I have spent a lot of time working with lineage applications. I have successfully completed quite a few for myself and for others. I was chair of the Ohio Genealogical Society’s First Families of Ohio for 5 years and during that time I reviewed nearly 100 applications each year. I am the Registrar for the Lima Chapter NSDAR and have successfully completed DAR applications for a number of their members. I have even given lectures about preparing a lineage application. Yes, I have had a lot of practice in this area of genealogy.
Lineage applications often require a higher standard of proof than the average family research project. For a lineage application you have to show proof of every name, date, and place that you write on the application and you have to prove that each generation is linked to the next. I have always felt that you will quickly discover what areas you still need to research and prove when you prepare a lineage application.
A couple years ago, when I submitted a supplemental application to Settlers and Builders of Ohio, I was a little surprised when the SBO chair asked me for proof of my gr-great-grandfather William Reid’s middle name. The family historians in our family had always referred him as William Wilbur Reid and, without double checking all of my proof documents, that was the name I wrote on the application. I looked through my proof documents again and discovered that I could find no real proof that his middle name was Wilbur. The documents I have only give his name as William Reid. His tombstone is inscribed with William W. Reid, but the W. could stand for any number of names beginning with the letter W. His middle name probably is Wilbur, but without solid proof, I cannot say for certain that it is.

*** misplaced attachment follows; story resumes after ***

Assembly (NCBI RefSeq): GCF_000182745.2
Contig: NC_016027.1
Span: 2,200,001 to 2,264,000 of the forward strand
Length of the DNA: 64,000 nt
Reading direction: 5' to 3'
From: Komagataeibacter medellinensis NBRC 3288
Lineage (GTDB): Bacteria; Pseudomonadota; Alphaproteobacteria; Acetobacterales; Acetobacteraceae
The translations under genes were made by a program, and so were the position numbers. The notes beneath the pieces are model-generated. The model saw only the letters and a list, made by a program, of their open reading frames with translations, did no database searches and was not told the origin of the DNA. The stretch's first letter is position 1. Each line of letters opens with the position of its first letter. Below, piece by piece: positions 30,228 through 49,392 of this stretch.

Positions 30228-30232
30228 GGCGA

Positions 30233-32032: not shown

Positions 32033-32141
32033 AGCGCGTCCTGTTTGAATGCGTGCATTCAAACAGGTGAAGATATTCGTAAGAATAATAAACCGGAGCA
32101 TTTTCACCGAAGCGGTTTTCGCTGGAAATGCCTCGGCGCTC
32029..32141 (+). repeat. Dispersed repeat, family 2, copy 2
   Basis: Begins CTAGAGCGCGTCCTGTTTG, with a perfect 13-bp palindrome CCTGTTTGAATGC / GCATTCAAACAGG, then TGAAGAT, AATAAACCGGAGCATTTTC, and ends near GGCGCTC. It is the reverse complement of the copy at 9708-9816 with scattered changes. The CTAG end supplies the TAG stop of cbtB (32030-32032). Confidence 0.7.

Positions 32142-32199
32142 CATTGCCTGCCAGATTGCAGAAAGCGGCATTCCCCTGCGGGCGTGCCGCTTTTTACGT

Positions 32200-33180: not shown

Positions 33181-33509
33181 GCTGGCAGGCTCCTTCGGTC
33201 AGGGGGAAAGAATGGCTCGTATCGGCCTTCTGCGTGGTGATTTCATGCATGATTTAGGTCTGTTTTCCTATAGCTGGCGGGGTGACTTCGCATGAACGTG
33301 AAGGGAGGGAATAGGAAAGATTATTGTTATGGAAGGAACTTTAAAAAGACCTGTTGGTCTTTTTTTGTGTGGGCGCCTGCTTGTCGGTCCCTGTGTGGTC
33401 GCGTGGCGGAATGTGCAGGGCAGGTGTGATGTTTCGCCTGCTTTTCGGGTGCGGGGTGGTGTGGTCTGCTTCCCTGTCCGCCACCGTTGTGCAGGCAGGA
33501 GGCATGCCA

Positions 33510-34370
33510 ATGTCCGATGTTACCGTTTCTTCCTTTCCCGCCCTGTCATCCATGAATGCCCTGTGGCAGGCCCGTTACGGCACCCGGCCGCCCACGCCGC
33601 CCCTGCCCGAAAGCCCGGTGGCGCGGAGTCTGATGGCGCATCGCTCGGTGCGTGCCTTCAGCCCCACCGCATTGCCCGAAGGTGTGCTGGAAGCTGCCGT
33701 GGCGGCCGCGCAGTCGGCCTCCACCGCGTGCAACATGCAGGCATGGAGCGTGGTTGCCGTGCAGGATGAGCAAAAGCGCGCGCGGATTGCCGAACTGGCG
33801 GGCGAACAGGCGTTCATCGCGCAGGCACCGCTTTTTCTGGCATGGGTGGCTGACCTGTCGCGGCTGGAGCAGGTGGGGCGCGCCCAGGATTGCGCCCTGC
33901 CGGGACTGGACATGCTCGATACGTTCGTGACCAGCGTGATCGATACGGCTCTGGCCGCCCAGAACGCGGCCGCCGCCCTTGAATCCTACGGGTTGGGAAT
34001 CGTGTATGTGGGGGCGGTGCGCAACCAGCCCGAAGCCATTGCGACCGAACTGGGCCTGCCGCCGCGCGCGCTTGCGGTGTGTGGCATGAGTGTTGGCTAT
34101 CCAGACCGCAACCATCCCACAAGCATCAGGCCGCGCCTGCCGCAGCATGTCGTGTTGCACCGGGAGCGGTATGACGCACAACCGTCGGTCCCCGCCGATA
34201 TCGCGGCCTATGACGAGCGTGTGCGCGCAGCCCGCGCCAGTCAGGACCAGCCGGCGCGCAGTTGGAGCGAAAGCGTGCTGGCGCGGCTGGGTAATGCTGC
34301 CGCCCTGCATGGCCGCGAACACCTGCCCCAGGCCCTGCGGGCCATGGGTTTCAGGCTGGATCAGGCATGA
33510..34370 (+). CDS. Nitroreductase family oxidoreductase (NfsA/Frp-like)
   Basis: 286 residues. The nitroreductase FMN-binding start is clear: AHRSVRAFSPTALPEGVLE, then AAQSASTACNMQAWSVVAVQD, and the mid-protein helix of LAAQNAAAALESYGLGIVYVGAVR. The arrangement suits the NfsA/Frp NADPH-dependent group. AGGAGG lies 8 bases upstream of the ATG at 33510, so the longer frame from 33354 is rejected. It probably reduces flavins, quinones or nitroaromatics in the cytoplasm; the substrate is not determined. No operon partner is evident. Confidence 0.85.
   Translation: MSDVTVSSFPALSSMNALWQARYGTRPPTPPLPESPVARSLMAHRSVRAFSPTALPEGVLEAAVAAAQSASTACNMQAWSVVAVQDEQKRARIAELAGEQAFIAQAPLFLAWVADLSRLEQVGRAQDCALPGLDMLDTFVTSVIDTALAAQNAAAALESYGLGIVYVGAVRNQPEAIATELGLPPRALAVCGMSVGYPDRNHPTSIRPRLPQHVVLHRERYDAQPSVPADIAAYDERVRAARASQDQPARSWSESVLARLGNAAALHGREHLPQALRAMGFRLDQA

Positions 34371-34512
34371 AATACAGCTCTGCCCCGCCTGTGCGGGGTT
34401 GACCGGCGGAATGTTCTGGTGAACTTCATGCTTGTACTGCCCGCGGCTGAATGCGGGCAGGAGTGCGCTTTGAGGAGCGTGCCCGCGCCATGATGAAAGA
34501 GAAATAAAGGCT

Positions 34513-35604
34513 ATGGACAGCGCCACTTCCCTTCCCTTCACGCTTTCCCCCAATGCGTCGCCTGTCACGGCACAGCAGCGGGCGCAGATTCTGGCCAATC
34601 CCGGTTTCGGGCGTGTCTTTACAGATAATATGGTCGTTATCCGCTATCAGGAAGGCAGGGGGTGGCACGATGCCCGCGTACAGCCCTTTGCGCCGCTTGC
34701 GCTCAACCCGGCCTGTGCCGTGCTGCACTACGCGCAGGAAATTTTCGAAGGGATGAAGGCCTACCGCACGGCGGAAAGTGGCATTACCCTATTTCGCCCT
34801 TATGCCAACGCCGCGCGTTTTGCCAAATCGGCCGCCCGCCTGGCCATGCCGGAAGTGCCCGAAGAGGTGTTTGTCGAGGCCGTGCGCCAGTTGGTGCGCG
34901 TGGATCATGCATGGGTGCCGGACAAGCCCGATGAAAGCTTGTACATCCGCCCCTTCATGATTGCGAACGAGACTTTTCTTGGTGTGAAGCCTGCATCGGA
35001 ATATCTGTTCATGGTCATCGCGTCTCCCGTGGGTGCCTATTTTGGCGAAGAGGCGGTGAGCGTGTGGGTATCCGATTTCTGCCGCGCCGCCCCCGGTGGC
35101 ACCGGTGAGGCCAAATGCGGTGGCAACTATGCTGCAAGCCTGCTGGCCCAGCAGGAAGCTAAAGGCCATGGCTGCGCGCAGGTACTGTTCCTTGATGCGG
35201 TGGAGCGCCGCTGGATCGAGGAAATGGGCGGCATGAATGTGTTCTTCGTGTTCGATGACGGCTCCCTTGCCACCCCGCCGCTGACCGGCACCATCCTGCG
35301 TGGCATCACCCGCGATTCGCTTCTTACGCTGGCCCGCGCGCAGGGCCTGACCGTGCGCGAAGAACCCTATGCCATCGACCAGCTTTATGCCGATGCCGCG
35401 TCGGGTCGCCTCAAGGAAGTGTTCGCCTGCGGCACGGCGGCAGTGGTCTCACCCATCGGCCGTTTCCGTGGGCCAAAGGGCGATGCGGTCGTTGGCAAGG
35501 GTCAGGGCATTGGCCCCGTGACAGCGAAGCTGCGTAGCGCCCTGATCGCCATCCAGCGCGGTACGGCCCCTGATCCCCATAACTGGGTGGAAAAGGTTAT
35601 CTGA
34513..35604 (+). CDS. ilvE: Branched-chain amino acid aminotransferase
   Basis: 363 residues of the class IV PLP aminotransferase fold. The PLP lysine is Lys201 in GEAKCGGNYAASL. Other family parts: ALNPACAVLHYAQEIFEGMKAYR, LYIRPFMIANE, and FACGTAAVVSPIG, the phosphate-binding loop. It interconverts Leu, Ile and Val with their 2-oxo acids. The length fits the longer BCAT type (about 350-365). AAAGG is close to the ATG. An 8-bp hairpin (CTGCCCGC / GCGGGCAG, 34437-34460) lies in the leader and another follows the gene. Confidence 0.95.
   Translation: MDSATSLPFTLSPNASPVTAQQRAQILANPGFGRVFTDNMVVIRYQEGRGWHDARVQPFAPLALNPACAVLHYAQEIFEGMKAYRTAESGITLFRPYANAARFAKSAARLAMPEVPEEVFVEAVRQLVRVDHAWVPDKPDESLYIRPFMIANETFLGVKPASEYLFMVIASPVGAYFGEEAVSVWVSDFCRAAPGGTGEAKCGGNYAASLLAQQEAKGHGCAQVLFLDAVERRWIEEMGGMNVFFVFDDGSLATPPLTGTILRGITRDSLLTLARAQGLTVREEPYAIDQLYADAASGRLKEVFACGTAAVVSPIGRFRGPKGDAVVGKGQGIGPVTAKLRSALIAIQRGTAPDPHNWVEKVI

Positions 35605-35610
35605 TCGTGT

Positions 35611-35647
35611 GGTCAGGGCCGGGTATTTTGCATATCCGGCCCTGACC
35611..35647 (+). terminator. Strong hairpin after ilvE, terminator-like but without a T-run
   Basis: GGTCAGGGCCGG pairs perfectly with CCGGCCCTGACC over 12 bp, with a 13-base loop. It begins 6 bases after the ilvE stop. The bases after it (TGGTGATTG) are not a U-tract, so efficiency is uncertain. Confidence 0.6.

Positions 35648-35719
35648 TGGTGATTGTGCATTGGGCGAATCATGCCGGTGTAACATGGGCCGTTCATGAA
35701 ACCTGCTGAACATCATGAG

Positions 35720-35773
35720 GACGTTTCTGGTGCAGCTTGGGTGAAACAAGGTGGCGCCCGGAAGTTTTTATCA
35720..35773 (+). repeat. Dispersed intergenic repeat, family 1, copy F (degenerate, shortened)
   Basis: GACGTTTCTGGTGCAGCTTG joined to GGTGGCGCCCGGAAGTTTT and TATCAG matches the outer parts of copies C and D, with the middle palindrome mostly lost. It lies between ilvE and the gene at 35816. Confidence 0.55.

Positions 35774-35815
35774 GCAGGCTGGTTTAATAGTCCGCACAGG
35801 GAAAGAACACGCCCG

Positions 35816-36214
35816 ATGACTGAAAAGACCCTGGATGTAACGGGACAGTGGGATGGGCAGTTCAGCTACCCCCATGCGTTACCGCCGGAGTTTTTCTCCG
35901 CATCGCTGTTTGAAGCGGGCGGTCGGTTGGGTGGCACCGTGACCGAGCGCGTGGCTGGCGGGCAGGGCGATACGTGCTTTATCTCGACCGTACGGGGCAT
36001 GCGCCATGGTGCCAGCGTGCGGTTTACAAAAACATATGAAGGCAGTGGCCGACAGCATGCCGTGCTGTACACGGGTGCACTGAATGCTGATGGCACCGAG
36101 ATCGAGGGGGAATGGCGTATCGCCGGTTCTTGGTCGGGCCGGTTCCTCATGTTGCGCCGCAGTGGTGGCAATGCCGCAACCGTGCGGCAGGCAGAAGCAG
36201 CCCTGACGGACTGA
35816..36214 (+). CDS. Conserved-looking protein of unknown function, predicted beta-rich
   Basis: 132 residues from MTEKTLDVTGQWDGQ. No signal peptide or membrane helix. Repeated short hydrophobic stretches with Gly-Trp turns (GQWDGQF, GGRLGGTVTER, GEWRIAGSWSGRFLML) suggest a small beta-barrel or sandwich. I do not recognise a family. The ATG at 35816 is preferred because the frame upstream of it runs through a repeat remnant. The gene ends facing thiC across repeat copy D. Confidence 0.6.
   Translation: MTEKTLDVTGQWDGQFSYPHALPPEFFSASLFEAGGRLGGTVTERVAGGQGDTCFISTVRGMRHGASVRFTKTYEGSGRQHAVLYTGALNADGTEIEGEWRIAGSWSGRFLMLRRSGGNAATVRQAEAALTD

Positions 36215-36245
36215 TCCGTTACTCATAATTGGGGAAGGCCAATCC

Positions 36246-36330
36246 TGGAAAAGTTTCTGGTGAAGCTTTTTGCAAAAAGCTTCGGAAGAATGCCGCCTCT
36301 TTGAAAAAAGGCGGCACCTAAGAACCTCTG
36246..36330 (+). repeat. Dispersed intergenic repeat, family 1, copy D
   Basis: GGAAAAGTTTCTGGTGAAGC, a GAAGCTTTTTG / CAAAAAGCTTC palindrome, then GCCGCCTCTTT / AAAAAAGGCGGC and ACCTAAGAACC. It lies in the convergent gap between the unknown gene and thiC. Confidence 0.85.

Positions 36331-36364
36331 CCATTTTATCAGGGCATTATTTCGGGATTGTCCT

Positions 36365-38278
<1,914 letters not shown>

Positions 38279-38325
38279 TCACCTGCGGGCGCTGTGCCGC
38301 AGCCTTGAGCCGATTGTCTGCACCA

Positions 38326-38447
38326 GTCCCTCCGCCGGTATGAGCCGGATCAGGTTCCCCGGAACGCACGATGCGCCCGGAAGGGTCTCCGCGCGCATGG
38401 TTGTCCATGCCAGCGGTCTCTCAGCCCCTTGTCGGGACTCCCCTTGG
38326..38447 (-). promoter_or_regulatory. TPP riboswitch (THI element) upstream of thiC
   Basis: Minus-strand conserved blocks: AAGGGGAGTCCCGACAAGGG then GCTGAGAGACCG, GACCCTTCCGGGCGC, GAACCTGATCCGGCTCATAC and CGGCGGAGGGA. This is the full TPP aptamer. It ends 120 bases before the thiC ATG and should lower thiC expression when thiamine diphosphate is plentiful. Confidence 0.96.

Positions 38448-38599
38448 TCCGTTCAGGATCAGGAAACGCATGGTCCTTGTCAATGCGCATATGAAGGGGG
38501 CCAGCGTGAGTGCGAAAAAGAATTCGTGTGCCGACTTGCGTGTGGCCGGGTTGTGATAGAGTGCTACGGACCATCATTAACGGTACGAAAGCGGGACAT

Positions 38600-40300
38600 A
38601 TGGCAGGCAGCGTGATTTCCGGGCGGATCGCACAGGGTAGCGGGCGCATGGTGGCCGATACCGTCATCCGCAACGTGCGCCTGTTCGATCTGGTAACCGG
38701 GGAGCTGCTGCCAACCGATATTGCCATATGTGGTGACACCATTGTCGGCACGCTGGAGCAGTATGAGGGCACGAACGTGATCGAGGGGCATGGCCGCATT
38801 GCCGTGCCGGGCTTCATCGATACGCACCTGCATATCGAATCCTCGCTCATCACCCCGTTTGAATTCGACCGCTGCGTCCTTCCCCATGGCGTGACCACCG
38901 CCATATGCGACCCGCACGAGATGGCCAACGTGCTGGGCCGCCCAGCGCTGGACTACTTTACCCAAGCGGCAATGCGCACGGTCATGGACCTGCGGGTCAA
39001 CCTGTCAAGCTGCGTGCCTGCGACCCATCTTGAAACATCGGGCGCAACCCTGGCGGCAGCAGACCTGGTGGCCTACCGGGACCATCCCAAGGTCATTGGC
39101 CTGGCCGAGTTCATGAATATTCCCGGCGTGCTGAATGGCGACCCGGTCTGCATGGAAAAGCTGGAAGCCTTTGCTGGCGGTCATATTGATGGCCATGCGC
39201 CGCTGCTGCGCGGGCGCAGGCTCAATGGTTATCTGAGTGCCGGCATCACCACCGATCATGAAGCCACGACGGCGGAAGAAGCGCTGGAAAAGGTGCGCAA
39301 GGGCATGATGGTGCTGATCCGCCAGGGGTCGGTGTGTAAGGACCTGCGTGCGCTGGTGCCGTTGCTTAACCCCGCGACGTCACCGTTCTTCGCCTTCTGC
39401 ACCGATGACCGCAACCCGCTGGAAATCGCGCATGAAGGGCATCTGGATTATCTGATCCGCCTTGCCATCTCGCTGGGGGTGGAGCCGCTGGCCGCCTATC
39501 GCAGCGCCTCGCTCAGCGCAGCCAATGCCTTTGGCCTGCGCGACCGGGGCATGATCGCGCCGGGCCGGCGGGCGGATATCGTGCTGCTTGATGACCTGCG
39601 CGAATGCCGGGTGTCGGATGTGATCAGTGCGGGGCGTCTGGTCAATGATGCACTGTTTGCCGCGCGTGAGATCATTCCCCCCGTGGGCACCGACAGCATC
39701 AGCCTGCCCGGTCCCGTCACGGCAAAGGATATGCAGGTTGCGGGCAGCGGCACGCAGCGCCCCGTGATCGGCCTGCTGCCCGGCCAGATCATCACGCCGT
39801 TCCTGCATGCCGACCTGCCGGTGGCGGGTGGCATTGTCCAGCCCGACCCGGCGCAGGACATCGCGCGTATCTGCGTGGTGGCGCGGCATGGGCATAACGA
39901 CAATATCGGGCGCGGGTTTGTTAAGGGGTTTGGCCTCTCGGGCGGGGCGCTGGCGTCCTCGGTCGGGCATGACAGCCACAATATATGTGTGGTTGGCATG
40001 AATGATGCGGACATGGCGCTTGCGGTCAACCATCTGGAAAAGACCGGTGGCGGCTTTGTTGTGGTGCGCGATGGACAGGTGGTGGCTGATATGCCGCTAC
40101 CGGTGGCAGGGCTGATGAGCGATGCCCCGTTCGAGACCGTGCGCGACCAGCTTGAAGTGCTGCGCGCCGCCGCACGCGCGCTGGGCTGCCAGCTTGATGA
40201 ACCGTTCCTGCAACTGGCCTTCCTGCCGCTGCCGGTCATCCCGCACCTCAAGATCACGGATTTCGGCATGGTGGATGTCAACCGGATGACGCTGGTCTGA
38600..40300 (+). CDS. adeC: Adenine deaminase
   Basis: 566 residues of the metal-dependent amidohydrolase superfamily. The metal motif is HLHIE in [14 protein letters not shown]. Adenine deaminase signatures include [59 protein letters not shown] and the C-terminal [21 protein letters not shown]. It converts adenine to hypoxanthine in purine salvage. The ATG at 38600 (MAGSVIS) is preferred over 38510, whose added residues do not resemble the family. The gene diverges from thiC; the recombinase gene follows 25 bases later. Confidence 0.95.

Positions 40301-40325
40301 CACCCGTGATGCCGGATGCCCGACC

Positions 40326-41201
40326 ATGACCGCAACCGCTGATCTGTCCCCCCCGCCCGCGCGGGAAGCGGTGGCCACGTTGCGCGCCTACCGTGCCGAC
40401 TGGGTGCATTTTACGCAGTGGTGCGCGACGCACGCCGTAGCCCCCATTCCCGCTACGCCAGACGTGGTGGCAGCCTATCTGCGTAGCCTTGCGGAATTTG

The same holds true with my grandmother Gertrude’s middle name. Family tradition says her middle name was Emma, but I have no documents that actually show the name Emma. She has no known birth record. Her marriage record, her church records, and other records simply have her listed as Gertrude Brewster. Deed records and her obituary give E as her middle initial. There are other middle names in my family tree that are questionable as well: Philip H. Brewster is known for sure, tradition says the H stands for Henry; Pearl Reid is on the documents, tradition says Pearl Salina Reid. Then there are those that never claimed to have a middle name: Daniel Brewster, Jackson Brewster, and others.
I have no problem indentifying the middle names of the German ancestors in my family. For centuries the Germans gave their children at least two names at baptism, sometimes christening them with three or four names. The first name was usually a religious name, often a saint’s name, and all the males in the family would have the same first name. The middle name was their secular name, the name by which people called and knew them, and the name they used on legal documents. Johann was a favorite first, or spiritual, name in my German ancestry. That name was Hans in some of the earliest German church records I have looked at. Most of the males in my German families had the first name of Johann. They were baptized as Johann Jacob, Johann Georg, Johann Ludwig, Johann Friedrich, and so on. But they were known as Jacob, Georg, Ludwig, and Friedrich. This naming pattern was the same for the females in the family.
One of the best sources for middle names is church records. They usually record baptisms and the child’s full name was recorded at that event. Children were often given their secular name in honor of a relative or friend who was the child’s sponsor at baptism. Today the trend of giving children family names continues. Females are sometimes given a family surname for a middle name, often a surname from the maternal side.
I still search for that document that may contain the compete name William Wilbur or Gertrude Emma. If any of my relatives come across such a document, please let me know.